‘Sopranos’ hits bump

Mar 10, 2003  •  Post A Comment

The actor who plays North Jersey mob boss Tony Soprano in HBO’s wildly popular The Sopranos series has filed suit against the cable network, seeking to have his current contract nullified.
In response to the lawsuit, Chris Albrecht, HBO’s head, issued a strongly worded statement accusing actor James Gandolfini, a two-time Emmy winner for the role, of being “destructive” to the much-lauded series and acting in a way that’s “shocking and disappointing.”
“We were involved in good-faith discussions with James Gandolfini,” Mr. Albrecht said. “We had offered him a very substantial increase over what he is currently earning, despite absolutely no contractual obligations to do so and without receiving anything in return. We were doing this out of respect for Jim and in recognition of his talent and hard work. To have him now act in a manner so destructive to the show and the lives of the people involved is shocking and disappointing.”
A network spokesman declined to predict whether the Gandolfini lawsuit and the tough Albrecht statement signaled the end of The Sopranos, saying only, “It’s a strong statement. Let’s leave it at that.”
Mr. Gandolfini’s complaint asserts that HBO missed a contractual deadline for telling the actor he would be needed for a fifth season, according to a report in the New York Daily News.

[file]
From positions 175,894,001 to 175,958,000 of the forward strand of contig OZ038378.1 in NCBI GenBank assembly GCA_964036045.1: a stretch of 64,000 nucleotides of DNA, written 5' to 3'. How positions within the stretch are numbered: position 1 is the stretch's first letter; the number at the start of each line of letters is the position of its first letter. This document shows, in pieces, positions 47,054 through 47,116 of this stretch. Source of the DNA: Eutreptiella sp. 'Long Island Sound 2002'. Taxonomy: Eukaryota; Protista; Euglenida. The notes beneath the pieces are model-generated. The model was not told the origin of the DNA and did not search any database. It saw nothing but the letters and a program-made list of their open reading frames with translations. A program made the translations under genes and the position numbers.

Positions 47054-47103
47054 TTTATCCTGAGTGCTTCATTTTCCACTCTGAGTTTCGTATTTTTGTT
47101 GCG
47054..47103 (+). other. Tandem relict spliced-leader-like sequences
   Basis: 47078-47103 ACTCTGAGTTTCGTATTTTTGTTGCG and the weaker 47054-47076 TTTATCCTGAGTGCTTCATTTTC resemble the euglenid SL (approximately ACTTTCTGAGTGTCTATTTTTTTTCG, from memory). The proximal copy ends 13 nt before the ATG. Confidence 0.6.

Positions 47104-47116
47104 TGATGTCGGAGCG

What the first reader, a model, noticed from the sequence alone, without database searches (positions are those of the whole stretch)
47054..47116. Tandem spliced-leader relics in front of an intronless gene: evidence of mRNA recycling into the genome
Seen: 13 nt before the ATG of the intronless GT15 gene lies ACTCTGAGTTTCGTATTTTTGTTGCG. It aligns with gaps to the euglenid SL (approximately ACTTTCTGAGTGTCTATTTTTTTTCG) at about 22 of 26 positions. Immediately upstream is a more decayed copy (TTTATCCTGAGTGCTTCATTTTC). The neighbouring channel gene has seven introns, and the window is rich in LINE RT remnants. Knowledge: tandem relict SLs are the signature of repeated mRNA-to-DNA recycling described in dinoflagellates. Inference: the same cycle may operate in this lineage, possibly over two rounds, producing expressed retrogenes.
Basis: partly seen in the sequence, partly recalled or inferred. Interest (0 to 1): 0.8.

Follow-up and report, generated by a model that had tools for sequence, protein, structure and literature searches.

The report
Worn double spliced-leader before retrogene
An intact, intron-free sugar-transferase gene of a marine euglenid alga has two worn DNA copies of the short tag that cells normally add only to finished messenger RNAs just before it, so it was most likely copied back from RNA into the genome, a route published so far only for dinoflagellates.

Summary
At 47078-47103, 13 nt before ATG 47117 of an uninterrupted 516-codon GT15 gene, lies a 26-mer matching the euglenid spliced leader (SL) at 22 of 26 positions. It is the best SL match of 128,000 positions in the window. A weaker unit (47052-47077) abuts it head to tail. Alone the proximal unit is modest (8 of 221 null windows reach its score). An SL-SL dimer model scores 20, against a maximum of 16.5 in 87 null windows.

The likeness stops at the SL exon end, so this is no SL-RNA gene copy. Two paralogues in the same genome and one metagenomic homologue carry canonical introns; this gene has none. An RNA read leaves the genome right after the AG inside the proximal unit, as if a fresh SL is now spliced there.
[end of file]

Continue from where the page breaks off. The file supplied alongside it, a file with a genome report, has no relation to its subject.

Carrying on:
Mr. Gandolfini also alleged in the suit, filed late last week in California, that the network violated the terms of his contract when it failed to inform him of a new $20 million deal with Sopranos creator David Chase, according to a wire service report.
“It’s our position that there is no legal obligation for James Gandolfini to perform his services for this season,” the actor’s lawyer told the New York newspaper. “HBO did not properly exercise its option for the fifth season.”
A network spokesman told the Reuters wire service that the suit was simply a negotiating ploy in the actor’s contract negotiations. Mr. Gandolfini receives approximately $400,000 per episode. According to several reports, he is looking for a raise that would put him in the same league as the top sitcom stars on NBC, who are the most highly paid actors on television. The Daily News report, however, pegs his new asking price at $750,000 per episode. Frasier star Kelsey Grammer, for example, is paid a reported $1.6 million per episode, and the stars of Friends take home $1 million each per episode.
The Sopranos is scheduled to begin shooting its new-season episodes at the end of this month.